These children do not need to be singled out and labelled with something that might be completely fictitious.

Is ADHD Even Real? 

When I was in school I received this diagnosis, alongside a learning disability and more. As a child I always knew I was perfectly fine, that everything I did and what I decided to pay attention to was simply my choice. I always felt that none of the labels and the explanations that accompanied them were valid at all, and I personally refused to take any medication that was being recommended to me. I am very glad I didn’t.

I am also a qualified, certified teacher for grades 7-12. Through volunteer as well as work experience my views on this subject matter did not change at all, but strengthened.  I have interacted with these children, as well as those within special education programs (with multiple “disabilities) and the way we label/view them is (in my opinion) completely 100 percent backwards and does nothing but harm. The labels and descriptions alone that education uses to define these kids is even worse.

The fact that children who “have trouble” paying attention to what they are not interested in are diagnosed and placed into the disability category simply based on observation alone is a frightening thought, and I am glad I’m not the only one who has asked this question.

There are many examples, and one of the most recent comes from Neurologist Dr Richard Saul.  Richard Saul is a neurologist who has had a long career in examining patients who have been having trouble with short attention spans and an inability to focus. From his first hand experience, he feels that ADHD is nothing more than a fake disorder that is really only an umbrella of symptoms and not actually a disease. He strongly feels that it should not be listed as a separate disorder in the American Psychiatric Association’s Diagnostic & Statistical Manual. You can read more about that here.

“We have a habit of always seeing issues in people who don’t fit in with the system. Whether they don’t want to be in standard education, don’t want to work their whole lives or have trouble focusing on things they don’t like, we tend to label this as a problem, but is it? Maybe we just don’t look within enough to figure out what might really be going on or why we are living the way we do. Perhaps it is time we let go of the idea of having to “fit in” to something that doesn’t resonate rather than labelling it as a disorder.” – Joe Martino, Founder of Collective Evolution.

It’s also important to note that, according to an article written in the The German Weekly, the founding father of ADHD, American psychiatrist Leon Eisenberg in a death bed interview said that “ADHD is a prime example of a fictitious disease.” The article was written by Der Spiegel and has made its way around the web for years. I cannot however completely verify that this statement was actually true. (10)

It’s also important to note the pharmaceutical drug aspect into this equation. For (one small out of many) example(s), American psychologist Lisa Cosgrove and others investigated Financial Ties between the Diagnostic and Statistical Manuel of Mental Disorders (DSM) panel members and the pharmaceutical industry. They found that, of the 170 DSM panel members 95 (56%) had one or more financial associations with companies in the pharmaceutical industry. One hundred percent of the members of the panels on ‘mood disorders’ and ‘schizophrenia and other psychotic disorders’ had financial ties to drug companies. The connections are especially strong in those diagnostic areas where drugs are the first line of treatment for mental disorders. In the next edition of the manual, it’s the same thing. (11)(12)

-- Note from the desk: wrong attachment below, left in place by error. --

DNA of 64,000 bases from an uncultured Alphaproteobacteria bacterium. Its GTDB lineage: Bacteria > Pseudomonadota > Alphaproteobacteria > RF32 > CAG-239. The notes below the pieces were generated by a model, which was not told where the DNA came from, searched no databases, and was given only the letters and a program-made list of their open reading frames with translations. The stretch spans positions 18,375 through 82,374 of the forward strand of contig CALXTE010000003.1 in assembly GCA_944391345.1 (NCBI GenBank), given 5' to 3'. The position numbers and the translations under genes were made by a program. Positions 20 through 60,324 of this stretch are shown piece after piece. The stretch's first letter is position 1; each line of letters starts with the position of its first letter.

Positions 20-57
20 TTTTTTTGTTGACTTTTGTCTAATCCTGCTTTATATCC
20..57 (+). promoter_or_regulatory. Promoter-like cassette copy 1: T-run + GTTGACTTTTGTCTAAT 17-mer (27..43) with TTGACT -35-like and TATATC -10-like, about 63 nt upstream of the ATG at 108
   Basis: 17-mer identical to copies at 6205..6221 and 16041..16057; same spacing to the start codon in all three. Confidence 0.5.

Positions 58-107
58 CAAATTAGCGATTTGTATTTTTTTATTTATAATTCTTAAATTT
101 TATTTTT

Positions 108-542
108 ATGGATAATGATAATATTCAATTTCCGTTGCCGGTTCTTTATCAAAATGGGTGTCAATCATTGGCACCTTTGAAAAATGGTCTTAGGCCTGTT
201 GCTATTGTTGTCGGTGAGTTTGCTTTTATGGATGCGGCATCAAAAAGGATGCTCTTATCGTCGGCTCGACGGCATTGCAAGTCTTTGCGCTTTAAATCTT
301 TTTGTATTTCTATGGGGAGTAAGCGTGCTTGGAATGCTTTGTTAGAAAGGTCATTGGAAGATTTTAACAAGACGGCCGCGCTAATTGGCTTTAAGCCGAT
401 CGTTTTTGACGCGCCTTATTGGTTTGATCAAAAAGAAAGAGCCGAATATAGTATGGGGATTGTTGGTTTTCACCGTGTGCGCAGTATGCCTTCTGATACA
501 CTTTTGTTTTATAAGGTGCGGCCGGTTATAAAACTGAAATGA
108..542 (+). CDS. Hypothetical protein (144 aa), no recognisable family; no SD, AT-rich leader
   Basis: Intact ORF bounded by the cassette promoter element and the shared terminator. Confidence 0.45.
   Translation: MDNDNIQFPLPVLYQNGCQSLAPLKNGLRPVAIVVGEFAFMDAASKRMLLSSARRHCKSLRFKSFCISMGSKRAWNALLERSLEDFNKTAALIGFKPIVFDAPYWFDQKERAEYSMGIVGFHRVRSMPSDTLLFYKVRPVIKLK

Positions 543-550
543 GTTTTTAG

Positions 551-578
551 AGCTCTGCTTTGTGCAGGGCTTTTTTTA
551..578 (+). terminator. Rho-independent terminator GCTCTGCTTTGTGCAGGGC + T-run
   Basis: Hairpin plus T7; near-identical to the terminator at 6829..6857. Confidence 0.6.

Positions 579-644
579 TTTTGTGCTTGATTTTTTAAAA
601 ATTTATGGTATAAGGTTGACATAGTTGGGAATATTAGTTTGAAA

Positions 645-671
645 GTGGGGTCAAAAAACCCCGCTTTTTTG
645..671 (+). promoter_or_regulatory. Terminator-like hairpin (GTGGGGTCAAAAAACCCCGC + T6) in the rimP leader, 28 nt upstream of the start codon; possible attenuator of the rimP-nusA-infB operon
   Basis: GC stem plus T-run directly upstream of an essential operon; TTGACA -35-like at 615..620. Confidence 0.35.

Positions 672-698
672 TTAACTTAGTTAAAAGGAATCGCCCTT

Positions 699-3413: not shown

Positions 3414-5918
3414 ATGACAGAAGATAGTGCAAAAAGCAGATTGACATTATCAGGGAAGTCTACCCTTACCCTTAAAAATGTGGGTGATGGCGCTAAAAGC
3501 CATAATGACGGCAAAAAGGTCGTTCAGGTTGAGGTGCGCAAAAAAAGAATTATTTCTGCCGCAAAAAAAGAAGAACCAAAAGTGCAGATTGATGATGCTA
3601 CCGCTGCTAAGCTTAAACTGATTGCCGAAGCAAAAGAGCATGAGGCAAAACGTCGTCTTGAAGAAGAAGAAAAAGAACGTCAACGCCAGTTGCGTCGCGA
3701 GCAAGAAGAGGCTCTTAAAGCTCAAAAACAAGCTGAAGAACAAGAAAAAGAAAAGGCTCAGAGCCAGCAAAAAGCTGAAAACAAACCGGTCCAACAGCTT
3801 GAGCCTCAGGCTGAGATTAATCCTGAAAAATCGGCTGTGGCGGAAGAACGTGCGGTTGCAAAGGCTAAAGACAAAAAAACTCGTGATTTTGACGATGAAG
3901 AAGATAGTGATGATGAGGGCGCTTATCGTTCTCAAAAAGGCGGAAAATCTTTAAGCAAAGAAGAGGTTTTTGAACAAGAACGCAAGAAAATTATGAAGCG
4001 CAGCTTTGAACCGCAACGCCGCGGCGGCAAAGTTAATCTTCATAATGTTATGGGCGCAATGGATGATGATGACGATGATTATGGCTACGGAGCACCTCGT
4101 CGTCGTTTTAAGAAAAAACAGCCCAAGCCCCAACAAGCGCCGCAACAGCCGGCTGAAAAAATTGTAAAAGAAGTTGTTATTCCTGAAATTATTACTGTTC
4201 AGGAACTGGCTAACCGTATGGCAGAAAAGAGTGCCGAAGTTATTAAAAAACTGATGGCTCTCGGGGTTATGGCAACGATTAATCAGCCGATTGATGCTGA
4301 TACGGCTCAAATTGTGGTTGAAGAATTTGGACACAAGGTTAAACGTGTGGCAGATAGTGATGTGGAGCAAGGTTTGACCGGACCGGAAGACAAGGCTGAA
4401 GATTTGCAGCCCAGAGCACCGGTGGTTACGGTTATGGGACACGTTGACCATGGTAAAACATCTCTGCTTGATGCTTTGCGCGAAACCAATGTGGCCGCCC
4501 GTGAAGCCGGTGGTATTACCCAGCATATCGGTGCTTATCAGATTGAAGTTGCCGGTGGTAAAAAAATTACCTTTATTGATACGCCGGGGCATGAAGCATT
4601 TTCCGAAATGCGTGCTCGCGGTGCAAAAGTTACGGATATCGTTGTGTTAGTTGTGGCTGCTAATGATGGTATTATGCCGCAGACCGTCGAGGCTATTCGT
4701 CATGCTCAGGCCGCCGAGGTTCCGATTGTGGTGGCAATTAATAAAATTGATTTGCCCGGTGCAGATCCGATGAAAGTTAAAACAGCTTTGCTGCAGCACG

“The DSM appears to be more a political document than a scientific one. Each diagnostic criteria in the DSM is not based on medical science. No blood tests exist for the disorders in the DSM. It relies on judgments from practitioners who rely on the manual.” (11) – Lisa Cosgrove, PhD, Professor of Counseling and School Psychology at the University of Massachusetts, Boston.

The very vocabulary of psychiatry is now defined at all levels by the pharmaceutical industry,” Dr. Irwin Savodnik, an assistant clinical professor of psychiatry at the University of California at Los Angeles (source)

There is lots of evidence to suggest that Pharmaceutical companies have influenced certain psychiatrists to “pathologize” certain behavior as a mental illness so more drugs can be marketed to the masses. In my opinion the evidence is overwhelming, but we’ll save that for another article as it is a big topic.

There are lots of things to consider when it comes to ADHD, and the content of this article is just the beginning. What are your thoughts on ADHD? Feel free to share your opinions in the comment section below.

RELATED CE ARTICLE & More Important Facts To Consider About ADHD:

4 Big Facts About ADHD That Teachers & Doctors Never Tell Parents

Sources:

(1) http://www.ncld.org/ld-insights/blogs/kids-with-disabilities-shut-out-of-gifted-programs-held-back-more-often

(2) http://www.sciencedirect.com/science/article/pii/S0006899309004612

(3) http://www.rexjung.com/creativity/2013/7/24/the-structure-of-creative-cognition-in-the-human-brain

(4) http://psydok.sulb.uni-saarland.de/volltexte/2007/904/pdf/ADHD.pdf

(5) http://www.sciencedirect.com/science/article/pii/S019188691000601X

(6) http://jordanbpeterson.com/Publications/Research_Articles/38%202003%20Carson%20SH%20Peterson%20JB%20Higgins%20DM%20Decreased%20LI%20creativity%20JPSP.pdf

(7) http://link.springer.com/article/10.1023/A:1019812829706#page-1

(8) http://www.tandfonline.com/doi/abs/10.1207/S15327035EX1002_3#.VHJR24vF80Q

(9) http://www.amazon.com/Misdiagnosis-Diagnoses-Gifted-Children-Adults/dp/0910707677

(10) Blech, Jörg: Schwermut ohne Scham. In: Der Spiegel, Nr. 6/6.2.12, p. 122–131, p. 128.

(11) http://www.tufts.edu/~skrimsky/PDF/DSM%20COI.PDF

(12) http://www.plosmedicine.org/article/info%3Adoi%2F10.1371%2Fjournal.pmed.1001190